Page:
In the American case, we might substitute "aristocracy" with civil society.  In abolishing civil society, or at least what is left of it after nearly a century of assault and encroachment, absolute "centralization follows as a matter of course."  Civil society, in the United States, is the great buttress against the forces of collectivism.

We do not live in a failed state as some have suggested in response to America's handling of the virus.  We live in a rare country where the remnant of civil society still exerts some power, and because of this, the collectivists — whatever veil they wear — call for the ascendency and supremacy of a centralized administrative state to crush it once and for all.  What the American experience has shown is that we have not yet achieved the manifestation of this totalizing centralized administrative state despite nearly a century of slow growth toward this reality.  We lose the joy of civil society, the first and foremost manifestation of a free society, at our peril and submissive docility.

This centralized and administrative state now dreamt of is tasked with management and distribution of all goods and services.  The constitutional order and the rule of law are abrogated for the collectivist bureaucracy providing comfort, peace, and security in perpetuity for a now idle and hedonistic people.  The ultimate manifestation of such a state is, as Michael Oakeshott said, "a state [that is] a rationally regulated co-operative engagement, perhaps a solidarité commune of some sort, not devoid of law, but ruled by a sumptuary policy devised and enforced by administrators, agencies and regulatory commissions."  In other words, it is a bureaucratic and managerial — socialist — state.

The spirit of civil society and reliant township communitarianism and individualism still stand to avert the centralizing administration, which feeds and feeds and feeds on the energy of civil society and individual labor.  The "intermediate associations" that constitute the real heart of community and the American — indeed, human — spirit would be buried by the totalizing control of centralism, which always comes in the wake of collectivism.  If the Second World War or the Cold War, even the War on Terror, didn't reveal the spirit of collectivism, the coronavirus pandemic and resulting panic irrevocably have.  Americans have much soul-searching if this is what they truly want and forever break themselves off from the spirit of their forebears.

Alexis de Tocqueville is a timely read now more than ever before.  Tocqueville's most famous writing is probably Democracy in America, although his The Old Regime and the Revolution is as insightful — in some ways, a helpful and profound compliment to his analysis of American democracy.

In Democracy in America, Tocqueville marvels at the near anarchic reality of American life: "[n]othing is more striking to an European traveller in the United States than the absence of what we term the Government, or the Administration."  Tocqueville went on to explain that this didn't mean the absence of legal authority, but the method that predominated in America was diminutive authority placed in the hands of localities and their associates as extensively as possible.  "The second manner of diminishing the influence of authority does not consist in stripping society of any of its rights, nor in paralyzing its efforts [as is the first manner], but in distributing the exercise of its privileges in various hands, and in multiplying functionaries, to each of whom the degree of power necessary for him to perform his duty is entrusted."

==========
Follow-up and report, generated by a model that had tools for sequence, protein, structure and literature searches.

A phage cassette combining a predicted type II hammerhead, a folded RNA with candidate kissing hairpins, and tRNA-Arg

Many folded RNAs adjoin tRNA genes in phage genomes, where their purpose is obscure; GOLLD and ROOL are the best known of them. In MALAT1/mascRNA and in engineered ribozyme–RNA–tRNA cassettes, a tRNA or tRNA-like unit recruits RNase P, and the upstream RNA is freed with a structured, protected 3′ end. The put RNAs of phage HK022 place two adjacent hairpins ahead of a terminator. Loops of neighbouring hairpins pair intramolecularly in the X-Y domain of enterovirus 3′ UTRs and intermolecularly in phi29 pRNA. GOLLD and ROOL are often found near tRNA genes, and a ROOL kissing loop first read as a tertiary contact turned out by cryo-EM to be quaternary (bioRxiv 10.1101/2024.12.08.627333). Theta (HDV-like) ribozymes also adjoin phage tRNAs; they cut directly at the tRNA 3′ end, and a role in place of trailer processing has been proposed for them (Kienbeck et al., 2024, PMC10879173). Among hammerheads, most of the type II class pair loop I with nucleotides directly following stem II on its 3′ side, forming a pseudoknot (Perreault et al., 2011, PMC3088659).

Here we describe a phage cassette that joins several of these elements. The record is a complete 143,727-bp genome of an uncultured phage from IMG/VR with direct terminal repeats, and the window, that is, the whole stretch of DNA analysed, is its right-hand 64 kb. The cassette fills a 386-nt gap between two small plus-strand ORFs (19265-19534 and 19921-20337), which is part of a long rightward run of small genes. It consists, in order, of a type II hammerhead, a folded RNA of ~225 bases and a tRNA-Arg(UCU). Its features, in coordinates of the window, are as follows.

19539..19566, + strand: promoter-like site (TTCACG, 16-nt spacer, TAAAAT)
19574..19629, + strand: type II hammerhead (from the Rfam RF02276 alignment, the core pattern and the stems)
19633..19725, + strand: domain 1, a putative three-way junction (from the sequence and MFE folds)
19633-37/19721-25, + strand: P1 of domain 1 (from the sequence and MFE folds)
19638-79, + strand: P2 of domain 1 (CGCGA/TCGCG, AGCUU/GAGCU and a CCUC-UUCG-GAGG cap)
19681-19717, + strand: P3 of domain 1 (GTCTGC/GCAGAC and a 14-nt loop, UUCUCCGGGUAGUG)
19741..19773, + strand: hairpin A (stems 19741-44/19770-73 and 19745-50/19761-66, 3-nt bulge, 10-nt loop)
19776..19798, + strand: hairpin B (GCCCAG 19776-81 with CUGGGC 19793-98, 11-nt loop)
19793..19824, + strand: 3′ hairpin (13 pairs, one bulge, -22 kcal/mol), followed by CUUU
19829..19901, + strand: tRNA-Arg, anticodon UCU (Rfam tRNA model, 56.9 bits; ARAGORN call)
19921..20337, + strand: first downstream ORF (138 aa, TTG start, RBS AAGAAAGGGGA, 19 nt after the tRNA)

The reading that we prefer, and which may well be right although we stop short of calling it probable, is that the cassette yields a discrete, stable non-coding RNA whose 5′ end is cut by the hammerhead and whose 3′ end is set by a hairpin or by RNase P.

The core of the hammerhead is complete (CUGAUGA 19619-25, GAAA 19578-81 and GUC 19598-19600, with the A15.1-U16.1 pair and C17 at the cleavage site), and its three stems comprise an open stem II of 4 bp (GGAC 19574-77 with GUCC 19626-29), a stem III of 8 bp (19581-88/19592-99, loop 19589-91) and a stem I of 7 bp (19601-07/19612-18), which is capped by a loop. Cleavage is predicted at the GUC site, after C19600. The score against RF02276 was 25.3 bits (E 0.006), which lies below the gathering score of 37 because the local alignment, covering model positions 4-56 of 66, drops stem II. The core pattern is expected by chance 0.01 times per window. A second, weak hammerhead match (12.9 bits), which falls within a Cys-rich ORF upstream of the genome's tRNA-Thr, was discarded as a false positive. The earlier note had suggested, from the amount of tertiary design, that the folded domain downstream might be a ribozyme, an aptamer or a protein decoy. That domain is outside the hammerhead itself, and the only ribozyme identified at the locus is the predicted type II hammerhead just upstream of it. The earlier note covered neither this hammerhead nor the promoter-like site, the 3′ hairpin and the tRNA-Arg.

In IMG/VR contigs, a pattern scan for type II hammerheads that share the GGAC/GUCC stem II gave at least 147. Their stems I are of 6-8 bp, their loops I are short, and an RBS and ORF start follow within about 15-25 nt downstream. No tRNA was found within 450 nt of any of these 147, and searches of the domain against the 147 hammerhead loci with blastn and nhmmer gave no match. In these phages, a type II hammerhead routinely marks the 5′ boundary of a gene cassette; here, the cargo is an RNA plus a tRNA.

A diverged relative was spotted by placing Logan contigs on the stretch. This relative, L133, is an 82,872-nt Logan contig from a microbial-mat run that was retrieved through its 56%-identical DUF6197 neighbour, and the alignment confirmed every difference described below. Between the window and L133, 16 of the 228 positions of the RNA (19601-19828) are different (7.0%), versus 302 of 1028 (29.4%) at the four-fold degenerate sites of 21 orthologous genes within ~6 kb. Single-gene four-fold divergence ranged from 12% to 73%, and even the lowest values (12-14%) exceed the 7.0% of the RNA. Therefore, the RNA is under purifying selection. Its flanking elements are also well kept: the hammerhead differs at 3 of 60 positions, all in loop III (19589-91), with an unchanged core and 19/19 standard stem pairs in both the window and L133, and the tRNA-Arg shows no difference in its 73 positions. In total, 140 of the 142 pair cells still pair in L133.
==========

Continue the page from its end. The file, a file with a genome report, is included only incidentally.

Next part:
The constitutional order that had been erected in America was a confederated union and not a unipolar or unitary nation-state of the like that began construction in the aftermath of the Civil War and the Great Depression.  As Tocqueville noted, the rule of the federal government "is ... the exception; the Government of the States is the rule."  The energy and spirit of American democracy and public life were centered on the townships, counties, and the state governments.

The diffused and diminutive form of governance that Tocqueville experienced in America was vastly different from the centralized apparatus he was accustomed to back in Europe.  Europe, Tocqueville reminds us, was centralized not because of the conquest of the revolution and spread of the Napoleonic Empire, but from the old monarchies and the old regime itself.

I once heard an orator, in the days when we had political assemblies, call administrative centralization 'that noble conquest of the Revolution which Europe envies us.'  I am willing to admit that centralization was a noble conquest, and that Europe envies us its possession; but I deny that it was a conquest of the Revolution.  It was, on the contrary, a feature of the old regime, and, I may add, the only one which outlived the Revolution, because it was the only one that was suited to the new condition of society created by the Revolution.

According to Tocqueville, the authoritarian and centralizing pivot of the French Revolution shouldn't have been a surprise.  The DNA of depending on central power for guidance and structure in life was what the French were always accustomed to.  The difference between the revolutionaries and the old regime was how the revolutionaries used force and murder to displace the central institutions of the old regime and quickly replace them with their own.

I reply that centralization was not abolished by the Revolution, because it was, in fact, its preliminary and precursor; and I may add, that when a nation abolishes aristocracy, centralization follows as a matter of course.  It is much harder to prevent its establishment than to hasten it.  Every thing tends toward unity of power, and it requires no small contrivance to maintain divisions of authority.